7+ Years

Parents (USA) - - Contents - By KRIS­TEN KEMP

Strate­gies for when he mis­be­haves at school

Find out what hap­pened.

Kids this age are ex­posed to many new sit­u­a­tions, and mis­be­hav­ior be­comes more com­mon, even among kids who have never had dis­ci­pline prob­lems be­fore. You may feel em­bar­rassed or an­gry if you get a call from your child’s teacher, but at this point, just gather the facts. Don’t de­fend your child or throw him un­der the bus. Sim­ply say, “Now that I know of the con­cerns, let’s find a time to talk.”

Get the other side of the story.

You’ll want your child to weigh in, but don’t start by show­ing how up­set you are. Say some­thing like, “Mrs. Roberts called and said you’ve been act­ing out in class. Can you ex­plain what’s go­ing on?” En­cour­age her to tell the story as if she were watch­ing it in a TV show. This will give you a bet­ter idea of what led up to the prob­lem.

Make a plan.

Once you have the whole story, talk with your child about how he can pre­vent the prob­lem from hap­pen­ing again. If he yelled be­cause he was mad, for in­stance, you can dis­cuss bet­ter re­ac­tions such as con­fid­ing in a teacher or walk­ing away. If the soc­cer coach says he was fooling around with a friend at prac­tice, talk about why it’s im­por­tant to pay at­ten­tion and how he was dis­rup­tive. Don’t pun­ish him, but let him know there will be con­se­quences if the be­hav­ior con­tin­ues.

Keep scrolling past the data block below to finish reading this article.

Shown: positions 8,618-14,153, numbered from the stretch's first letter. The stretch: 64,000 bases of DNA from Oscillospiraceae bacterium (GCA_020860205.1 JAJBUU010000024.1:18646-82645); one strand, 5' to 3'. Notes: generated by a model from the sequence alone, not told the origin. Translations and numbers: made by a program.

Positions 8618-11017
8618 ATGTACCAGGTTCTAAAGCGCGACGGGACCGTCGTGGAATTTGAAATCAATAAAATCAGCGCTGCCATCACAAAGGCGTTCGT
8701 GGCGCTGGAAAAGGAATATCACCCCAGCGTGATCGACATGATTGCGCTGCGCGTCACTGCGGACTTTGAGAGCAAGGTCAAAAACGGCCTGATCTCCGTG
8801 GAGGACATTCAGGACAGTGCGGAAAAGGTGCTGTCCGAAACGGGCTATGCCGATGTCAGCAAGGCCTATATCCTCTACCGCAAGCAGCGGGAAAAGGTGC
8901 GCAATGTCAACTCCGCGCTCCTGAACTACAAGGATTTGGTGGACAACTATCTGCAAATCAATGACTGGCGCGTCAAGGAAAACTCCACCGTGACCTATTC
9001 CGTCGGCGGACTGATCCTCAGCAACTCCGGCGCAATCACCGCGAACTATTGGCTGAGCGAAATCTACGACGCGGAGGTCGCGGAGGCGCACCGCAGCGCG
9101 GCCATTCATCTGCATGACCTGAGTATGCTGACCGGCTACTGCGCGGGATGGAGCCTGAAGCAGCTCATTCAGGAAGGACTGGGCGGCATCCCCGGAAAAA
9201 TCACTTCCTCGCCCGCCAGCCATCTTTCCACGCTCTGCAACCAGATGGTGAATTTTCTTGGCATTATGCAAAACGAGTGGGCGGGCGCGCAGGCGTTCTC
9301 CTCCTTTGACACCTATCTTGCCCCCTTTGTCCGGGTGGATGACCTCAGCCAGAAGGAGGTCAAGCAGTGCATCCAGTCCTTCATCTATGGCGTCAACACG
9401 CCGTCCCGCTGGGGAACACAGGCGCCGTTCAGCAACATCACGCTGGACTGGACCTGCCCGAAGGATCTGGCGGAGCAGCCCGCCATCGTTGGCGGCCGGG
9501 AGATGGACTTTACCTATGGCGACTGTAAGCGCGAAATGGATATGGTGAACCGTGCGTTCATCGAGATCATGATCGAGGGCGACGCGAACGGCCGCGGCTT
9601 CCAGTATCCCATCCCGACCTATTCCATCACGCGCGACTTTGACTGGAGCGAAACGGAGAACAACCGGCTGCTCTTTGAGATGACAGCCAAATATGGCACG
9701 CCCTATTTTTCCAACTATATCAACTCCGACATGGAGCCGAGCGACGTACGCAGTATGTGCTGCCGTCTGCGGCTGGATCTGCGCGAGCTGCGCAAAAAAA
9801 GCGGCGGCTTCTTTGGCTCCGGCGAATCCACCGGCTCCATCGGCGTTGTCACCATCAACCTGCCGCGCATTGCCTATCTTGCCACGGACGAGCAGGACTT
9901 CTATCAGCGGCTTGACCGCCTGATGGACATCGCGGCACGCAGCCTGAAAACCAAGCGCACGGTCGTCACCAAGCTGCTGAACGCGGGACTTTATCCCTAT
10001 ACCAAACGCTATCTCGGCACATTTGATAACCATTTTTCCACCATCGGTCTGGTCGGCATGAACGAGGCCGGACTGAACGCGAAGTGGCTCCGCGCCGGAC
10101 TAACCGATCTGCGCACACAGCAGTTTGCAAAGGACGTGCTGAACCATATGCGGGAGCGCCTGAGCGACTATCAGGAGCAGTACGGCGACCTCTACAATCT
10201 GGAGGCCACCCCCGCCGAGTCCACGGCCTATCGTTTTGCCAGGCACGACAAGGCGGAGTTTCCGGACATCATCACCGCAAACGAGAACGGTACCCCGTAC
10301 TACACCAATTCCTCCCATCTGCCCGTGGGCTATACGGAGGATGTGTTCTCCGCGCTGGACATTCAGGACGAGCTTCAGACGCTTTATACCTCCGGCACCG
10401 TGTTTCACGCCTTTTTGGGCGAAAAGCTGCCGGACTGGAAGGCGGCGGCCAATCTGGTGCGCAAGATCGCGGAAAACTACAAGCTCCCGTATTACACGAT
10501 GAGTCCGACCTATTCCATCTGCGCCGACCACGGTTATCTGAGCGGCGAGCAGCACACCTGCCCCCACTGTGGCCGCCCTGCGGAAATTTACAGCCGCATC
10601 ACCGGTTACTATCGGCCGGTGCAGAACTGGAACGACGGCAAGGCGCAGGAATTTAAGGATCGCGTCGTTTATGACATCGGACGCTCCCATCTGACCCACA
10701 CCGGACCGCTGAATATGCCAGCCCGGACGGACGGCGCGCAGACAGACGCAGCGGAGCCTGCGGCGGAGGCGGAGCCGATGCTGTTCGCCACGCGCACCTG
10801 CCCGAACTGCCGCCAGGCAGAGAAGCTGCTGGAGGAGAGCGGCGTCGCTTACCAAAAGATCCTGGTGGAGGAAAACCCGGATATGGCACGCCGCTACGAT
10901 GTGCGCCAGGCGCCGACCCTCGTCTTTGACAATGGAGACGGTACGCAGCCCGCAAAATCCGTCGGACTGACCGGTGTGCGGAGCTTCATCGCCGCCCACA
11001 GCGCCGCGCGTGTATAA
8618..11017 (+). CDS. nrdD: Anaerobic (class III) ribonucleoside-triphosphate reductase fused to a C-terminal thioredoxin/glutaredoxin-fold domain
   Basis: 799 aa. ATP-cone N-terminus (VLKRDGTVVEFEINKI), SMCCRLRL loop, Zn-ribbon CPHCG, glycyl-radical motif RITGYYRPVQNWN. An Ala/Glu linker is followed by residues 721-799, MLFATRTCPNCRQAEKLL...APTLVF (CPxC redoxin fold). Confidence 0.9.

Fol­low up with school.

Tell your child you’re go­ing to fill in her teacher or coach on what you dis­cussed. Once she re­al­izes ev­ery­one is on board, she’ll be less likely to re­peat the be­hav­ior be­cause she knows she won’t get away with it. Also ask the teacher for any sug­ges­tions. If your child is prone to talk­ing in class, the teacher might place her next to a qui­eter class­mate.

Sources: Michele Borba, ED.D., au­thor of No More Mis­be­hav­inõ; Brad Sachs, PH.D., a fam­ily psy­chol­o­gist in Columbia, Mary­land.

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